"Wavescan" is a weekly program for long distance radio hobbyists produced by Dr. Adrian M. Peterson, Coordinator of International Relations for Adventist World Radio. AWR carries the program over many of its stations (including shortwave). Adrian Peterson is a highly regarded DXer and radio historian, and often includes features on radio history in his program. We are reproducing those features below, with Dr. Peterson's permission and assistance.
Wavescan, October 7, 2012
Australian Olympic Radio: 1956 Summer Games
As you will remember, here in Wavescan two weeks back, we presented the story of the Olympic Games on shortwave, and we covered the prewar eras up to the year 1936. During the 1924 Summer Games in Paris and the 1928 Summer Games in Amsterdam, there was news coverage on radio about some of the these sports events, but no live coverage on radio.
Then in the 1932 Winter Olympics at Lake Placid in New York, there was live coverage on radio of some of these sports events for the 1st time, and these programs were broadcast on mediumwave throughout the United States, and on international shortwave also. However, as Jim Hilliker pointed out in his research, the Summer Olympics in Los Angeles were accorded some news coverage on radio, both local mediumwave and international shortwave, but no live coverage was permitted, even though requests for live radio coverage had been lodged.
However, during the 1936 Summer Olympics in Berlin, these sports events were accorded wide coverage on local radio and also on international shortwave. The German government installed a total of 8 additional shortwave transmitters at 50 kW at Zeesen, near Berlin, specifically to ensure worldwide coverage of these sporting events.
Interestingly, during the 1956 Summer Olympics in Melbourne, Australia, extensive news coverage on shortwave was given to these sporting events, though in a very different way. That is what we look at today here in Wavescan.
The Australian continent is widely separated from all other major land masses on planet Earth. The only way in and the only way out is by boat or plane. Likewise, for wide spread international news coverage, the only practical way is by undersea cable, or by shortwave radio.
The very first occasion in which there was shortwave coverage for sports events in Australia was for the British Empire Games in Sydney during the summer of 1938. These summer games were held in the Cricket Grounds from February 5 - 12, and they formed part of the 150th anniversary of the founding of the city of Sydney.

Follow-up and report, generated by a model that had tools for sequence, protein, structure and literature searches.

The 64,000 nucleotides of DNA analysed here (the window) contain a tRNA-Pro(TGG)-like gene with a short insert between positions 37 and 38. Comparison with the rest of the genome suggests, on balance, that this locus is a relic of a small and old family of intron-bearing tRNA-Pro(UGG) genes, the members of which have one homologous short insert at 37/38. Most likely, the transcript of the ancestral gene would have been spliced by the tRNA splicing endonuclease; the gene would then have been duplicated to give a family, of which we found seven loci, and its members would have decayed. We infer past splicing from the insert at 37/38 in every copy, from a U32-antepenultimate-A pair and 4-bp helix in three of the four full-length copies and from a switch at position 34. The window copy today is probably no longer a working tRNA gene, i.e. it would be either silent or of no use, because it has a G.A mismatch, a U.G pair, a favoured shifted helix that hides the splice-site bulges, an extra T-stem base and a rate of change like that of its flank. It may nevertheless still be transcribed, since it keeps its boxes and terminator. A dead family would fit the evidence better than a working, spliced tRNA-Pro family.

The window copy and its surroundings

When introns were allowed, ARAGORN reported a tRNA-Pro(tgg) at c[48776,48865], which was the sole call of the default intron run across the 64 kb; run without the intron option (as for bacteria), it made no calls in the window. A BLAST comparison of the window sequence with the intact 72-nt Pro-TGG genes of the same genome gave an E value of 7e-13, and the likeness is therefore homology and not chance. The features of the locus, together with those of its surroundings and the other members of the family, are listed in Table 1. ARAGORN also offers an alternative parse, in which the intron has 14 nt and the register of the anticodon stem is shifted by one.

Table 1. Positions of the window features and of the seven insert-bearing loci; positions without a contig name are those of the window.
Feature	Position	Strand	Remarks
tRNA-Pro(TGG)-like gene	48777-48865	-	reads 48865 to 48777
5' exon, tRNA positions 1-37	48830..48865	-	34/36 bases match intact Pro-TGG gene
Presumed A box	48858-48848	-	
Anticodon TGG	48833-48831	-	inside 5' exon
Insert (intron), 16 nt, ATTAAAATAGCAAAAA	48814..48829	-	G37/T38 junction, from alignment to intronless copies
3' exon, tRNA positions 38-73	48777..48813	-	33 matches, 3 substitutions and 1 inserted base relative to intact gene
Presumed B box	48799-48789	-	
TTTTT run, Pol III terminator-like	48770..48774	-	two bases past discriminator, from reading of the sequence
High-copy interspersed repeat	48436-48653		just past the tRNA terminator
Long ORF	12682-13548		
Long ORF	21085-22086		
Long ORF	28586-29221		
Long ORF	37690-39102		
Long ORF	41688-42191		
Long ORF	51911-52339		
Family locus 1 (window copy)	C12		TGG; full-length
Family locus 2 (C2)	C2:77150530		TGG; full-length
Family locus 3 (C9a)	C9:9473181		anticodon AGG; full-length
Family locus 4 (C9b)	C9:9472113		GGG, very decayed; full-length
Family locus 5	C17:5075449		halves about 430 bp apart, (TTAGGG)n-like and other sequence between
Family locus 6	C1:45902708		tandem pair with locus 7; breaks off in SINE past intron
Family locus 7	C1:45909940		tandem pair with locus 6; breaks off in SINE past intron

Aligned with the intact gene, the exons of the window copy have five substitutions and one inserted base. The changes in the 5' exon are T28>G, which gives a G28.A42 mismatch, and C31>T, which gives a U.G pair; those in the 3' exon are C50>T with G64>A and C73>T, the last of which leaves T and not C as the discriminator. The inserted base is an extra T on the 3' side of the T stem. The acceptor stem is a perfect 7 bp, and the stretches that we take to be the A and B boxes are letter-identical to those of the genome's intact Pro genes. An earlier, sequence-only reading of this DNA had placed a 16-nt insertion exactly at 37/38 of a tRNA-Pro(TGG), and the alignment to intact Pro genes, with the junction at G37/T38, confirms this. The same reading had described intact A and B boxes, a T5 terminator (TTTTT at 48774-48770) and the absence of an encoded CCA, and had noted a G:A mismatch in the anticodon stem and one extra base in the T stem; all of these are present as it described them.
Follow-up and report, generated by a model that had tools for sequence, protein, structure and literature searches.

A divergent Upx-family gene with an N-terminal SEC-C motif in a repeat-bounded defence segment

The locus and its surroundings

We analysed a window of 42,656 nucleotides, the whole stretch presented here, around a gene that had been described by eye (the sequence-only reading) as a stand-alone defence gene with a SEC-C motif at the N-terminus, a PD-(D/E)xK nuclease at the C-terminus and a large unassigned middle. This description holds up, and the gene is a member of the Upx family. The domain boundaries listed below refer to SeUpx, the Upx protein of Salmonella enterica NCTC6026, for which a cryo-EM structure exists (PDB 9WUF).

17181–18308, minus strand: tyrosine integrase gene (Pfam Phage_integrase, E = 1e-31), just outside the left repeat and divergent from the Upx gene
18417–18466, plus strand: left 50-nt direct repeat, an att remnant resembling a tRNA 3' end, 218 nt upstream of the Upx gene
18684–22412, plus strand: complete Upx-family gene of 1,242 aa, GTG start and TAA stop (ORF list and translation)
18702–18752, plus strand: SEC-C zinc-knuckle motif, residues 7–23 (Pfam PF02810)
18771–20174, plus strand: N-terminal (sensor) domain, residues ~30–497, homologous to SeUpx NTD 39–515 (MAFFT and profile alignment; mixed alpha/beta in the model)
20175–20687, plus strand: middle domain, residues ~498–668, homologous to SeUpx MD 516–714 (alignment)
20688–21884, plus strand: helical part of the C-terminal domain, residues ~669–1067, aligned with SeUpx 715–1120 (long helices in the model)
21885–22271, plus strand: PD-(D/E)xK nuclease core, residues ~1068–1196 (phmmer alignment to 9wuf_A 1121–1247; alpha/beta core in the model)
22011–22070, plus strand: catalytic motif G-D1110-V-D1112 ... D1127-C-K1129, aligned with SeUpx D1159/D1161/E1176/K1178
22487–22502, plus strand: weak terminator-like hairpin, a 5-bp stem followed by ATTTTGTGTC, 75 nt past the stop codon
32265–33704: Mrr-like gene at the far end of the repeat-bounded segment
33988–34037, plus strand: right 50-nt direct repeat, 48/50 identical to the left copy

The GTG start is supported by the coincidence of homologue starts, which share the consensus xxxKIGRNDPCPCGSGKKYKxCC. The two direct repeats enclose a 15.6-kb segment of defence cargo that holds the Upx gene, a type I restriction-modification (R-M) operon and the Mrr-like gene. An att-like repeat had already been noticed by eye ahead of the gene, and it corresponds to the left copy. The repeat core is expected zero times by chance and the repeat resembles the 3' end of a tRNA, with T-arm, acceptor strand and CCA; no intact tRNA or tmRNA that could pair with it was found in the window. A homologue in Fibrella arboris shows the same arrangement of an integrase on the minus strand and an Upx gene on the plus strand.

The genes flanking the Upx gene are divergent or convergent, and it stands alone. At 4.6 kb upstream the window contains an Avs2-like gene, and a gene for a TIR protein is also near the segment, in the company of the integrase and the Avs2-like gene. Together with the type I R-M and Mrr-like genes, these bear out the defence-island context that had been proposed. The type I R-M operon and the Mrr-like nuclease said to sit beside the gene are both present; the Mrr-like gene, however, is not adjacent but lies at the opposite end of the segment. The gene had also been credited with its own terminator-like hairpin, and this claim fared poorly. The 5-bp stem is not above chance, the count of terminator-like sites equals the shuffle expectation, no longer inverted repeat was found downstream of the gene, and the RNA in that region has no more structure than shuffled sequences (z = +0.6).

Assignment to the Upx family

The ABC was granted exclusive rights for the live broadcast of these sporting events and local mediumwave radio covered the major highlights. On shortwave, it is understood that both VK2ME with 10 kW at Pennant Hills & VLR with 2 kW at Lyndhurst relayed this information to the world.
In order to ensure maximum coverage of the Melbourne Olympics throughout the world, the Australian government directed that all available shortwave transmitters in use on the continent should be made available for the flow of news reports to countries overseas. This directive applied to government and commercial shortwave stations, as well as to those in use by the armed forces.
As a result of this co-operative gesture to the international news media, it is estimated that a total of somewhere around 50 shortwave transmitters in Australia carried Olympic reports in 1956. These reports were in the form of live and recorded commentaries, voiced news reports, fax reports, and fast speed Morse reports for publication in newspapers. The BBC alone co-opted many linguists in Australia to report on the Olympic events in 40 different languages for inclusion in their World Service broadcasts.
At home, all 160 mediumwave stations throughout the continent, ABC & commercial, carried various forms of Olympic coverage, as well as the 4 new experimental FM stations operated by the ABC. At the time, television was very new in Australia, and all 6 stations, in Melbourne & Sydney, ensured that they were ready on air for the occasion.
On shortwave, the ABC Home Services operated 9 transmitters at 10 kW & 2 kW in 4 states, as well as 1 at Port Moresby in New Guinea, and they all carried Olympic news at whatever was on the air from their local mediumwave counterpart at the time.